“You might say that a people or a movement must be constituted musically before it can be constituted politically.” This was one argument among many declared by Michael Denning, a professor of American studies and English at Yale University, during a talk for his new Verso book, Noise Uprising: The Audiopolitics of a World Musical Revolution. Denning, however, made it clear that the music culture during the brief period of time studied in his book—from the widespread use of electrical recording in 1925 to the early years of the Great Depression—was not revolutionary politically.
There’s a special kind of ordinary that folks in the art world love. Artists, curators, and critics often fall over themselves to praise the everyday, elevate the banal, and highlight the overlooked, momentarily relegating what normally would be banal to a distinct realm of interest and reflection. But sometimes the ordinary is, well, simply unremarkable. The discussion that took place during “Blonde Art Books: Artist Conversation and Launch” was ordinary in that unexceptional sense.
The legendary artist Robert Morris doesn’t often participate in live interviews, whether in public, in person, or on the phone, so a recent appearance by him at the New York Public Library was a rare treat. Indeed, as the scholar and curator Jeffrey Weiss noted at the outset, “Agreeing to speak is not something he does too freely.” But when Morris, Weiss, and the art historian Julia Robinson gathered in celebration of Weiss’s new book, Robert Morris: Object Sculpture, 1960–1965, the ensuing conversation was a frustrating affair.
To celebrate the paperback edition of The Edge of Vision: The Rise of Abstraction in Photography, the author, critic, and professor Lyle Rexer led a panel of four contemporary artists: the Canadian Jessica Eaton, the Finnish Niko Luoma, and the Americans Yamini Nayar and Mitch Paster. The woman who introduced Rexer pronounced The Edge of Vision—originally published in 2009 and accompanying a touring exhibition of the same name—the first book on the history of abstraction in photography. If her claim is true, then it is an accomplishment. If not, then the book’s subject and the curatorial conceit would seem to provide a good if overly broad survey.
At the end of the first chapter of 9.5 Theses on Art and Class, the New York–based art critic and editor Ben Davis writes that a “theory of class might provide the missing center of the debate about art.” Indeed, the use, value, and status of art—especially in relation to politics and economics—have been the subject of a constantly flailing conversation since the Occupy moment, since the Great Recession, since the Bush years, since the rise of the biennial, since the Culture Wars, since Reagan, since Conceptual art, since Duchamp—okay, you get the point. It’s exactly this kind of exasperating, roundabout conversation that Davis wants to displace, and his new book does exactly that with resounding success.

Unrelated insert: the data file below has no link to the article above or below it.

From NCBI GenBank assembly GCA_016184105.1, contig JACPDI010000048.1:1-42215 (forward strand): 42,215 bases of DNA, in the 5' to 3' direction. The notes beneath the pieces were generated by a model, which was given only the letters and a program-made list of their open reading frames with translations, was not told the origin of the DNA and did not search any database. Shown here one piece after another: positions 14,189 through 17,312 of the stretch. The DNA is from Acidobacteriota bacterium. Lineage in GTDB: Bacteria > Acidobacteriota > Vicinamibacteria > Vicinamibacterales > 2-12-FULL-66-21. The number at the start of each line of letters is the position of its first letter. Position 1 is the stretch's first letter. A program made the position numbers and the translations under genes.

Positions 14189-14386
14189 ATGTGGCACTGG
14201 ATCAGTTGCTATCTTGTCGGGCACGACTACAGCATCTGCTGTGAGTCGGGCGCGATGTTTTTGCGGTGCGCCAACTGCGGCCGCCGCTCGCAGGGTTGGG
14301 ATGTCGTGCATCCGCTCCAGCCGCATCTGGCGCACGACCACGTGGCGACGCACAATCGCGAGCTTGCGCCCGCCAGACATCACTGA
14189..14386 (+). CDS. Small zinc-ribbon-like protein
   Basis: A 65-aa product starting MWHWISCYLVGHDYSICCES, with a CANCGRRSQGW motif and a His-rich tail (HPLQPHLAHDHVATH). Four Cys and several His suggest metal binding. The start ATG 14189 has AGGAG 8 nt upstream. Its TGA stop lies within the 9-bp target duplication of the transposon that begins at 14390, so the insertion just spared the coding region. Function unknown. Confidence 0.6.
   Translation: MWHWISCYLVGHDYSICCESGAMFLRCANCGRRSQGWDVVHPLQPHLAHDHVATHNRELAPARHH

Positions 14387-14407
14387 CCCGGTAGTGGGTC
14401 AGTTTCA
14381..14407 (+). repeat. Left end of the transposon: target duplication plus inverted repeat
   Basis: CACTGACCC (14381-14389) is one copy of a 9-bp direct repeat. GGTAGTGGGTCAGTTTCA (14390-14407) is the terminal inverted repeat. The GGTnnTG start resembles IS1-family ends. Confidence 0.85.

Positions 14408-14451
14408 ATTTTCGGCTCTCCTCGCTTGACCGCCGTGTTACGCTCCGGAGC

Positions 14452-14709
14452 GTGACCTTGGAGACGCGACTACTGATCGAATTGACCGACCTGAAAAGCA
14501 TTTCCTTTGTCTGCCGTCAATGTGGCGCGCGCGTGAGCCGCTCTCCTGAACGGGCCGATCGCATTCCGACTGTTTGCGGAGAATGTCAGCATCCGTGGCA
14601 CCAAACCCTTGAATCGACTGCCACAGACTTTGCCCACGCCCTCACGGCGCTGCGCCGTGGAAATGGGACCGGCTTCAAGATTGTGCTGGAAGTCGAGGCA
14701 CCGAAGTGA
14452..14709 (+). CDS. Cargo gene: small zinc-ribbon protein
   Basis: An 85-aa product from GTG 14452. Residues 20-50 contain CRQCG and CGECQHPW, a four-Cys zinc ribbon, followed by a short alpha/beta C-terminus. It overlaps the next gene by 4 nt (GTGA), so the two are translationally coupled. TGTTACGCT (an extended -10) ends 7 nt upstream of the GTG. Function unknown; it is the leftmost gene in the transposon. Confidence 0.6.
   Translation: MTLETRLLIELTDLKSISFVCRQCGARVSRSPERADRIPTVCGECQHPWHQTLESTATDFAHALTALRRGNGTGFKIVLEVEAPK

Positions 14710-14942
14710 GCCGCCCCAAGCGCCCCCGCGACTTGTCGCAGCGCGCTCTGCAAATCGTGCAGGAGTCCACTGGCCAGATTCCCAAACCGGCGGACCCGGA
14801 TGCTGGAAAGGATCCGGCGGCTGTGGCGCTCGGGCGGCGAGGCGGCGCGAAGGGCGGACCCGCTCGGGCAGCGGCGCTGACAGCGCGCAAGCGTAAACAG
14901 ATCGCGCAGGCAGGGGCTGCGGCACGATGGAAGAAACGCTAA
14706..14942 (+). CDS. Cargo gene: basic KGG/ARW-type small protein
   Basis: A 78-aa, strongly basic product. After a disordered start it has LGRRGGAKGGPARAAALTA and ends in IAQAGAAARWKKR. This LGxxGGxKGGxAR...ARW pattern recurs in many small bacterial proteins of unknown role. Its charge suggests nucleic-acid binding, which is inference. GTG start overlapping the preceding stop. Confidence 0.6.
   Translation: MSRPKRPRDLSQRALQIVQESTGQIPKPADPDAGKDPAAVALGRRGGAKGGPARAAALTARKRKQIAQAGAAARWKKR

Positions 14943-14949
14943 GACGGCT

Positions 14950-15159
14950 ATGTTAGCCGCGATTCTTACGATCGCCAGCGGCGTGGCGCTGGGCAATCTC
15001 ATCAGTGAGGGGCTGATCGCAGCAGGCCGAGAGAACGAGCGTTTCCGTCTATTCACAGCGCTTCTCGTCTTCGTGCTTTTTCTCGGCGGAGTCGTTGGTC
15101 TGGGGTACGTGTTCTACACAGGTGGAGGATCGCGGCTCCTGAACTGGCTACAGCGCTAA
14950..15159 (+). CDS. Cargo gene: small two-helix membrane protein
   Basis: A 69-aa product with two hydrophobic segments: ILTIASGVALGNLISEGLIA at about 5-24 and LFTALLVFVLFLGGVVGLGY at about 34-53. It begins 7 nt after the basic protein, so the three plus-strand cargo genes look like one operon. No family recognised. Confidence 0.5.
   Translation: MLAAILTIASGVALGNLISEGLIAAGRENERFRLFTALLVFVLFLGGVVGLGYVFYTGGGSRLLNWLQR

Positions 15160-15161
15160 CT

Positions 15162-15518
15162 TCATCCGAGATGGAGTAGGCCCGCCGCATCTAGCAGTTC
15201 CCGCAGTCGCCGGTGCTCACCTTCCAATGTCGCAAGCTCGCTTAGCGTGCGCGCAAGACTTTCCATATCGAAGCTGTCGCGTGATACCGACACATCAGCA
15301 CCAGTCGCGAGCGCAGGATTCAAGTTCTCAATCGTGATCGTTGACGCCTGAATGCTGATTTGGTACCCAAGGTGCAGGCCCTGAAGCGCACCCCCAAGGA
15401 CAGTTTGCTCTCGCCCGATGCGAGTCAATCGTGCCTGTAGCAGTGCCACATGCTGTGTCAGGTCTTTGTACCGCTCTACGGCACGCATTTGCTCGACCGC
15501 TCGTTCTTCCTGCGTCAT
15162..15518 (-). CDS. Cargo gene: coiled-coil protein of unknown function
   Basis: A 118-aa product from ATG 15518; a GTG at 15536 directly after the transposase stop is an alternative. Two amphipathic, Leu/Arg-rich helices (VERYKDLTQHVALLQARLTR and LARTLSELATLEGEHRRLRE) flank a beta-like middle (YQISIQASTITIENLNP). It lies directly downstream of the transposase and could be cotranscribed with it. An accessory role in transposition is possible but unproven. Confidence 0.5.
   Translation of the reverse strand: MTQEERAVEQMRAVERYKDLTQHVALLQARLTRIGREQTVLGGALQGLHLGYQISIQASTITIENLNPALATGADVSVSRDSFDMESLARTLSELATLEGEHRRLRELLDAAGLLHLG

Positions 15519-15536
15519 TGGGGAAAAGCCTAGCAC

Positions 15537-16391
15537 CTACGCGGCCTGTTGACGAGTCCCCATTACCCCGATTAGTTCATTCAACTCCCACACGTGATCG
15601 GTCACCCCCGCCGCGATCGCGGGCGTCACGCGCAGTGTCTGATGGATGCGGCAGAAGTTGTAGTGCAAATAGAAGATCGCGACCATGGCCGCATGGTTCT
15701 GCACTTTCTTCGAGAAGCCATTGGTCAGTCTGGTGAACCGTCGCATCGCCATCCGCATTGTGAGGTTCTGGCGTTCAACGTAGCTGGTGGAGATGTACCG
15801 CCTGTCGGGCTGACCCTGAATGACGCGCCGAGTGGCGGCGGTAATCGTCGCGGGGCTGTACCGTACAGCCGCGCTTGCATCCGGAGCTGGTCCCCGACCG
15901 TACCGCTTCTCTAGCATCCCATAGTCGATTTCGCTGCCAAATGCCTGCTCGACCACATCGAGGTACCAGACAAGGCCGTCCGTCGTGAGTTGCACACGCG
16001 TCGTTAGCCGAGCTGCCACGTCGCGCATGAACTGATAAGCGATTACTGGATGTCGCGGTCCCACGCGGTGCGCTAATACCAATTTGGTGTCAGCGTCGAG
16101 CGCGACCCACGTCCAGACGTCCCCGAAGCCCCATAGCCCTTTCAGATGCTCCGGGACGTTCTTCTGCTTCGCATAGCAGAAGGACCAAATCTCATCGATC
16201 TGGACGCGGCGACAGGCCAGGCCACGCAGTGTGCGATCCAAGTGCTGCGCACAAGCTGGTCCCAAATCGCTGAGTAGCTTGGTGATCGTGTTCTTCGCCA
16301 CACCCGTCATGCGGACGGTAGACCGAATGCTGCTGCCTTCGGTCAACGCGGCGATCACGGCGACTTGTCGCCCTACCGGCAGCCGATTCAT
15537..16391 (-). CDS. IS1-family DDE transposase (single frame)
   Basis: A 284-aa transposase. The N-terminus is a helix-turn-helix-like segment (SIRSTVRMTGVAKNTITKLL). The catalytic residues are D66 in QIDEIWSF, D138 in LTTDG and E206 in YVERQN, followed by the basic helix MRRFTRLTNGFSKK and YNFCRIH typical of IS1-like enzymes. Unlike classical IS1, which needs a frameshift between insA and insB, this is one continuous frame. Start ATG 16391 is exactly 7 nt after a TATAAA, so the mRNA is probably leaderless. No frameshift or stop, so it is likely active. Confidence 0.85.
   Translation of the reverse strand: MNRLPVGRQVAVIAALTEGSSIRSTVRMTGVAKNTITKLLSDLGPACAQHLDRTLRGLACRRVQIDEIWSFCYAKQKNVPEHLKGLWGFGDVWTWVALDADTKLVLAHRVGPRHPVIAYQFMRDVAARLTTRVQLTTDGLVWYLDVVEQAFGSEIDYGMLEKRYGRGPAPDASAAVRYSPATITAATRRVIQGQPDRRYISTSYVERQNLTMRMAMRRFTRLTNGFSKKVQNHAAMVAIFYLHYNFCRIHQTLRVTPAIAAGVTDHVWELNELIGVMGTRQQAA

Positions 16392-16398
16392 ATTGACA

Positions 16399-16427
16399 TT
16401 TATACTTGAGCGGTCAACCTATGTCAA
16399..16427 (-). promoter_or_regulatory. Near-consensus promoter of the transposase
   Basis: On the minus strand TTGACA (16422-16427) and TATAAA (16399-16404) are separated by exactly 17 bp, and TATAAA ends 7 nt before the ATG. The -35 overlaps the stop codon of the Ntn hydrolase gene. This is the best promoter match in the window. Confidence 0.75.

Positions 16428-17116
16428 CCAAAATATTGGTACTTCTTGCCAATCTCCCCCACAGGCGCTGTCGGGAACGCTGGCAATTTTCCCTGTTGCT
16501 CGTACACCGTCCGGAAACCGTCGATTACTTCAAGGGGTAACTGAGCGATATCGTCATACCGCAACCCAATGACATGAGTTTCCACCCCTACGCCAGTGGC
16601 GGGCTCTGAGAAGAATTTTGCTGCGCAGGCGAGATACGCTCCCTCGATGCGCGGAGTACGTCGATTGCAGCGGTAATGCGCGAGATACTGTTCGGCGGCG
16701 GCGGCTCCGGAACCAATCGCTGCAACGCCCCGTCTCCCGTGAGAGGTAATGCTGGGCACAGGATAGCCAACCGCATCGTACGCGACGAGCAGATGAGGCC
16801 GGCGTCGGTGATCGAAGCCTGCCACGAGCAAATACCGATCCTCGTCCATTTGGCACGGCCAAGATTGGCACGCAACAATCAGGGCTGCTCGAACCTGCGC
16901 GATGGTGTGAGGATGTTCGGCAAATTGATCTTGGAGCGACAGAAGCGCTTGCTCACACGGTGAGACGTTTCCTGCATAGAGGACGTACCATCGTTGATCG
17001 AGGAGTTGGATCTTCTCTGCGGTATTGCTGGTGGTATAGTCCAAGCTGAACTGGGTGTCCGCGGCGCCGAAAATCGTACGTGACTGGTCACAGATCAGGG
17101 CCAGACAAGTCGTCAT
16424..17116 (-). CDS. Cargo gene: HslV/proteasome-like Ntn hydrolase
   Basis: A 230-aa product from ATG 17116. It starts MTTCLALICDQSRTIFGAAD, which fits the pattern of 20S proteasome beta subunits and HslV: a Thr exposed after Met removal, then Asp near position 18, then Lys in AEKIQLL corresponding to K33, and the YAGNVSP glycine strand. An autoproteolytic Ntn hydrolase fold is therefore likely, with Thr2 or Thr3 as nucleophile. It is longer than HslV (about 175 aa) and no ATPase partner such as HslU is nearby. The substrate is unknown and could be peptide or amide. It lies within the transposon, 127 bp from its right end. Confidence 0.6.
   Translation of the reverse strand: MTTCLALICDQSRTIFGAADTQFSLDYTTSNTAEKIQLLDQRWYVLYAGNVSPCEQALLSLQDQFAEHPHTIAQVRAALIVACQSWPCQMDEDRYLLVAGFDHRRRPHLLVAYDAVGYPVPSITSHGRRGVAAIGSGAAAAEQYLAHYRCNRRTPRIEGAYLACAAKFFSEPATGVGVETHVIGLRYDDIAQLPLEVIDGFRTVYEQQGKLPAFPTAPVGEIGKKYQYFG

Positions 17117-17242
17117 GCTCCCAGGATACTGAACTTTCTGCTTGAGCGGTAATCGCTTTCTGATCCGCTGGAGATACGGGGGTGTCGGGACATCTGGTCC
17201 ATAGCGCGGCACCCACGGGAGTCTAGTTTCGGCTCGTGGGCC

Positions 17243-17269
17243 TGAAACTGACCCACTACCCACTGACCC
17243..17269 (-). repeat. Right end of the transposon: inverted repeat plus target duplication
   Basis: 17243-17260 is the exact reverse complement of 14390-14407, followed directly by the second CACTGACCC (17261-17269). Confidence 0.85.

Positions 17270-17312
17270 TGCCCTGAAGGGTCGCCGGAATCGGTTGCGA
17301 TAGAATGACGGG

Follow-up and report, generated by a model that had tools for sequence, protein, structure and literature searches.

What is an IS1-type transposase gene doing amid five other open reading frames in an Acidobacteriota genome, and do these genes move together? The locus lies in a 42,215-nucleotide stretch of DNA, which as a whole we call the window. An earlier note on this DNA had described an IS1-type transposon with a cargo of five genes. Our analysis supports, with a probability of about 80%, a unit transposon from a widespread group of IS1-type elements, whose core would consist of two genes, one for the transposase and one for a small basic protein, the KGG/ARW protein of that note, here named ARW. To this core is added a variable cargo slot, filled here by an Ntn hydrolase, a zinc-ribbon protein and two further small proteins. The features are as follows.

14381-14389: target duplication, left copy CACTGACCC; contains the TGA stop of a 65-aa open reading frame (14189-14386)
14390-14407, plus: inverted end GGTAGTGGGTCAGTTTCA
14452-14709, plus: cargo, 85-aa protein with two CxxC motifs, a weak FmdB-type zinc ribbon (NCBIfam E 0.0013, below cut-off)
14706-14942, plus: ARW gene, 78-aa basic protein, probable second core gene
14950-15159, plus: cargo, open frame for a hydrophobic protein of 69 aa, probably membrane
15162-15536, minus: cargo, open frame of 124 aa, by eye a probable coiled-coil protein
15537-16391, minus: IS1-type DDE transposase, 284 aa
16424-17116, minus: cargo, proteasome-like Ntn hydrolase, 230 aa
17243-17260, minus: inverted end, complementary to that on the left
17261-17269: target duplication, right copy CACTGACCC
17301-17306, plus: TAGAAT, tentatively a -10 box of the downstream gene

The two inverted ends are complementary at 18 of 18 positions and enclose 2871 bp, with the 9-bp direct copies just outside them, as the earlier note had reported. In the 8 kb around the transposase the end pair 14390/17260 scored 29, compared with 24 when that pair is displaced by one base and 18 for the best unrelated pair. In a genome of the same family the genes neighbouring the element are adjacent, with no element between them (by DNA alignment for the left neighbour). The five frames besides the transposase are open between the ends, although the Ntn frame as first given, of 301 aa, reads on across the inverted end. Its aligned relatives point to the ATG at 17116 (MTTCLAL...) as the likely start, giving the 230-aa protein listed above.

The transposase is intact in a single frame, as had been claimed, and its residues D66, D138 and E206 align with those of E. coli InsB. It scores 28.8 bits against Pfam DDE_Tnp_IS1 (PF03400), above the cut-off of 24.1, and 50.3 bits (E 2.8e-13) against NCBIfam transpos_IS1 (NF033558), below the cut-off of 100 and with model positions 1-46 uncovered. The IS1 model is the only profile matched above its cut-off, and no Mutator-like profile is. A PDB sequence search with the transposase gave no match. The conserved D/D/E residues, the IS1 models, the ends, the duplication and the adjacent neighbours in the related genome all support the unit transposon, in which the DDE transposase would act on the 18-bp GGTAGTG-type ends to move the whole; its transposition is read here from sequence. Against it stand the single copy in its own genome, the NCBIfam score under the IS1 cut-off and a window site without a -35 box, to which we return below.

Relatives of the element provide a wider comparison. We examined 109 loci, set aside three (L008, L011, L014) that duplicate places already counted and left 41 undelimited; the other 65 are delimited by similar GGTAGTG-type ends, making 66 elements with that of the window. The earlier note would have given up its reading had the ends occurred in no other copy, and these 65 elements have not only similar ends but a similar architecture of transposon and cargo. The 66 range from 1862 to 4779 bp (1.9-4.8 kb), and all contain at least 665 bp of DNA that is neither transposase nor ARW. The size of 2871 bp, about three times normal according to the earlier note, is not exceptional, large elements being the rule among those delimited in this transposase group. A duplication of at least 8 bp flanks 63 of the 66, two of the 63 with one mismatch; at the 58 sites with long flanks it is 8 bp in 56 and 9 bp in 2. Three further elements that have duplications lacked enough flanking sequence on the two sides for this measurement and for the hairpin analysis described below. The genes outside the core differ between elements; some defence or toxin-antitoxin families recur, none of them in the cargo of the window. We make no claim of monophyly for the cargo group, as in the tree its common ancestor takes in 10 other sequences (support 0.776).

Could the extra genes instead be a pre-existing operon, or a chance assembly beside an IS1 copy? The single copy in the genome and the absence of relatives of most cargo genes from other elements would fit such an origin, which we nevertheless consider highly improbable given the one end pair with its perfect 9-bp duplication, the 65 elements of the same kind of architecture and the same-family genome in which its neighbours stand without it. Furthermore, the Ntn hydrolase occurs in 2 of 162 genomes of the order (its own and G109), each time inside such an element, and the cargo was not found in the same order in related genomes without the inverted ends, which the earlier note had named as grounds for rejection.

Clearly the editors of a new comics anthology heard the phrase “I’m a feminist, but…” one too many times. Taking a firm stance against the equivocal and perhaps self-deprecating attitude, Shannon O’Leary, a critic, editor, and author of Fortune’s Bitch, and Joan Reilly, an illustrator and comics artist, began work on The Big Feminist BUT: Comics about Women, Men, and the IFs ANDs & BUTs of Feminism. They commissioned more than forty creators—including a handful of men—to produce work exploring the multivalent meanings and critical relevance of feminism today.
This panel celebrated and promoted the release of a new anthology called Contemporary Art: 1989 to the Present (2013), edited by the event’s moderators, the art historians Alexander Dumbadze and Suzanne Hudson. Published by Wiley-Blackwell, Contemporary Art: 1989 to the Present is a collection of short essays by critics, curators, historians, theorists, and collectives on discursive themes such as biennials, participation, and activism, with three essays on each topic. The contributors—four of whom spoke on the panel—are names familiar to anyone who regularly reads Artforum, October, and related cultural journals.
The Kitchen invited Hal Foster, a historian, critic, and professor of art at Princeton University, to discuss his two recently published books. After an introduction by Tim Griffin, director and chief curator of the venerable institution, the soft-spoken Foster established the evening’s agenda: he would read from the books before being joined by Griffin (and then the audience) for a Q&A. The following narrative draws from both parts.
When you give a provocative title to a “book reading and discussion” like the organizers of this event did, and then carve out a three-hour block for it, your audience might expect some juicy, heavy-duty discussion and debate with leading thinkers and theorists over sentient robots, furry cyborg creatures, and digital memory implants. Scanning the room, I certainly saw enough bespectacled fanboy types with long, stringy hair and ill-conceived goatees who have likely memorized the entire Battlestar Galactica reboot to make this happen.